Suffolk police patrol as buses line up at Jack Abrams...

Suffolk police patrol as buses line up at Jack Abrams Intermediate School for dismissal. (March 24, 2010) Credit: Charles Eckert

Huntington Town board member Glenda Jackson hosted a meeting last night at Jack Abrams Intermediate School to encourage residents to come up with solutions to stem violence in the neighborhood.

In a wide-ranging discussion, about 70 parents and residents questioned representatives from the Suffolk police and Huntington's town attorney, code enforcement and youth bureau offices.

The meeting, a month after shots were fired during school hours just two blocks away from Jack Abrams, also addressed simmering tensions from parents over safety issues near the Lowndes Avenue campus.

"We all agree that the violence has to stop and we need a solution," Jackson said. "And we all may not agree on how to get there but we can try to come up with some solutions." Some of the ideas pitched by residents included the creation of a Neighborhood Watch in Huntington Station, and increased youth programs administered by the town or a local church.

One parent, Jennifer Hebert, proposed the town find a volunteer grant writer to seek state and federal funding for youth programs. She said the growing division in the community over school safety is disappointing.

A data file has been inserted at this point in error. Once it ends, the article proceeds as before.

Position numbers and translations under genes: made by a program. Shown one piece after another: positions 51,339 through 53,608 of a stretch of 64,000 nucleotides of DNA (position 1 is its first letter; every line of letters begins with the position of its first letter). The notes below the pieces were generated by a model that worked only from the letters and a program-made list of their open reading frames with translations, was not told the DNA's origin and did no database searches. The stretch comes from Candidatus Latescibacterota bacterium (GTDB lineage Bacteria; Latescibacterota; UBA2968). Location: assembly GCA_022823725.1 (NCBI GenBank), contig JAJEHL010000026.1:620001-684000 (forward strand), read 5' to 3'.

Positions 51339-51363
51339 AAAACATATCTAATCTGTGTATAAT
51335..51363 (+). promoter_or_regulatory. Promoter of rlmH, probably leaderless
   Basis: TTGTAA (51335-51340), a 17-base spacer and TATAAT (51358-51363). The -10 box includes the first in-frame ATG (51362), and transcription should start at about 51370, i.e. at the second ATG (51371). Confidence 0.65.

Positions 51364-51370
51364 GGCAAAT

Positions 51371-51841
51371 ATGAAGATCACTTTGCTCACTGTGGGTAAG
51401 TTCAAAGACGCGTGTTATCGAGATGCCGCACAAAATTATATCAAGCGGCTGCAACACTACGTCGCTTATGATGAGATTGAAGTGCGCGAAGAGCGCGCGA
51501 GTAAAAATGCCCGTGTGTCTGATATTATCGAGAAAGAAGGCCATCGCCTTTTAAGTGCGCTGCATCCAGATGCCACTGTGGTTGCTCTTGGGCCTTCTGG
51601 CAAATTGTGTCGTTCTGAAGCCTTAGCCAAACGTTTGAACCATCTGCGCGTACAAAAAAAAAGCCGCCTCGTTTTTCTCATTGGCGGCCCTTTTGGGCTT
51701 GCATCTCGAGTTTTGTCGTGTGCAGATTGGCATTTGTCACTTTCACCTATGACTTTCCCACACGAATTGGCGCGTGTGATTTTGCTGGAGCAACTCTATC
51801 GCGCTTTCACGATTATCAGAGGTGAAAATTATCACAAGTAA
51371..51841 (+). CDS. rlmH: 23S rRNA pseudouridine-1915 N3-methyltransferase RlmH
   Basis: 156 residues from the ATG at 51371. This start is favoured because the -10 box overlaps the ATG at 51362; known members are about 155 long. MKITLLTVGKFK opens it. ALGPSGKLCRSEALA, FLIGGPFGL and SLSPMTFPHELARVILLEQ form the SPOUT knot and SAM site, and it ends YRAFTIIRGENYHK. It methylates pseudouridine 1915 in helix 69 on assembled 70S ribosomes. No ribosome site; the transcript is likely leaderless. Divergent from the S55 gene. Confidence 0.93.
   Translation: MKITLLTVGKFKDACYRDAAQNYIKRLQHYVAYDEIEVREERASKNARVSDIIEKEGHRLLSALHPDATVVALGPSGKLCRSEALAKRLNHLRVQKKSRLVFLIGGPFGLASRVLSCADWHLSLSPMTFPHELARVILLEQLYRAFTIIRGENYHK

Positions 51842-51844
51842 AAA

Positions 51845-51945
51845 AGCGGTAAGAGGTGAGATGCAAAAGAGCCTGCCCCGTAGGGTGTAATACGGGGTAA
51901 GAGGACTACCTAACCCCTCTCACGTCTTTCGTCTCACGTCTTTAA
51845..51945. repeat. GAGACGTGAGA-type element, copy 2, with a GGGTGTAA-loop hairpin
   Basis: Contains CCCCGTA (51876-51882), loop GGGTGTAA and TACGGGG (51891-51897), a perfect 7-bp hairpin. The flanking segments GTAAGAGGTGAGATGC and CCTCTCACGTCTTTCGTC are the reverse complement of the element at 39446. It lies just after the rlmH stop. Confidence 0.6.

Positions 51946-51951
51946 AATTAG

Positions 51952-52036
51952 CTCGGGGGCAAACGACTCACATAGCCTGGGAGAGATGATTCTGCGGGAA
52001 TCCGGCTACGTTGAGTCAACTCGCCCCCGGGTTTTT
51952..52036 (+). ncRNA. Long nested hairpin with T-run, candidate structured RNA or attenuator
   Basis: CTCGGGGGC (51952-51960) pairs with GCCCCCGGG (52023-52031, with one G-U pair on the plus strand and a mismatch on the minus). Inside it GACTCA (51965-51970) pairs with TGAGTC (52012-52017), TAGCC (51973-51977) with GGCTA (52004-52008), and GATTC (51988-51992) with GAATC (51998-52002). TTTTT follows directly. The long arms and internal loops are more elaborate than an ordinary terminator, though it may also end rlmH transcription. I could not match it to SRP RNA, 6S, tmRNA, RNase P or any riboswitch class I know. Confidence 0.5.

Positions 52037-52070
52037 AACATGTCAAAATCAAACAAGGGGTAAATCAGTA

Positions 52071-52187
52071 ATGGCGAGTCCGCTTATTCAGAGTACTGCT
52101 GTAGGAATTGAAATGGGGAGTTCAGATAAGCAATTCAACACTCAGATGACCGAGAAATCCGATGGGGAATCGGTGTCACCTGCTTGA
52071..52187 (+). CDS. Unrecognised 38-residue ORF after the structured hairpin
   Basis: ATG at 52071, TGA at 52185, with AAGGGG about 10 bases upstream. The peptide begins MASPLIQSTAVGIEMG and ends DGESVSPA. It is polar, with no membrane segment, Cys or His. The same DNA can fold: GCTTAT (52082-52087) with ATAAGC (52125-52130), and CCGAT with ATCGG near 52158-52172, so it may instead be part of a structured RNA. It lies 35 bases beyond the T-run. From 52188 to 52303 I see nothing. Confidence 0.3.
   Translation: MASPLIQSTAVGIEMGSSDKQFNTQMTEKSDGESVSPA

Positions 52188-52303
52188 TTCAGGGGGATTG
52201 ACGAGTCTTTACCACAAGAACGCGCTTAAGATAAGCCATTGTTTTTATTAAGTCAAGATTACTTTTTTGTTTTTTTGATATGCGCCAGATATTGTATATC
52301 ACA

"It hurts me to hear so many people are divided," she said. "I'd like to see the community come together."

Another parent, Peggy Davis, who came to the meeting with her granddaughter and son, called for more communication among residents and institutions to combat the gang problem in Huntington Station.

"It was important for us to be here because we live across the street," said Davis, referring to the Whitman Village complex near Jack Abrams. "I understand parents who come from other areas of the town are upset but the violence affects all of us. I feel for them but I feel for myself, too."

At a March school board meeting, district superintendent John Finello said he did not believe the neighborhood was safe, prompting the school board to ask district administrators to explore options for relocating students.

Parents were divided between keeping students at the school while the neighborhood is cleaned up and others who wanted students moved immediately, preferably to the town hall building, which at one time served as a school. Last week, the school board approved a plan to turn Jack Abrams into a districtwide sixth-grade center and use the district's other intermediate school, Woodhull, as a building for fourth- and fifth-grade classes starting in September.

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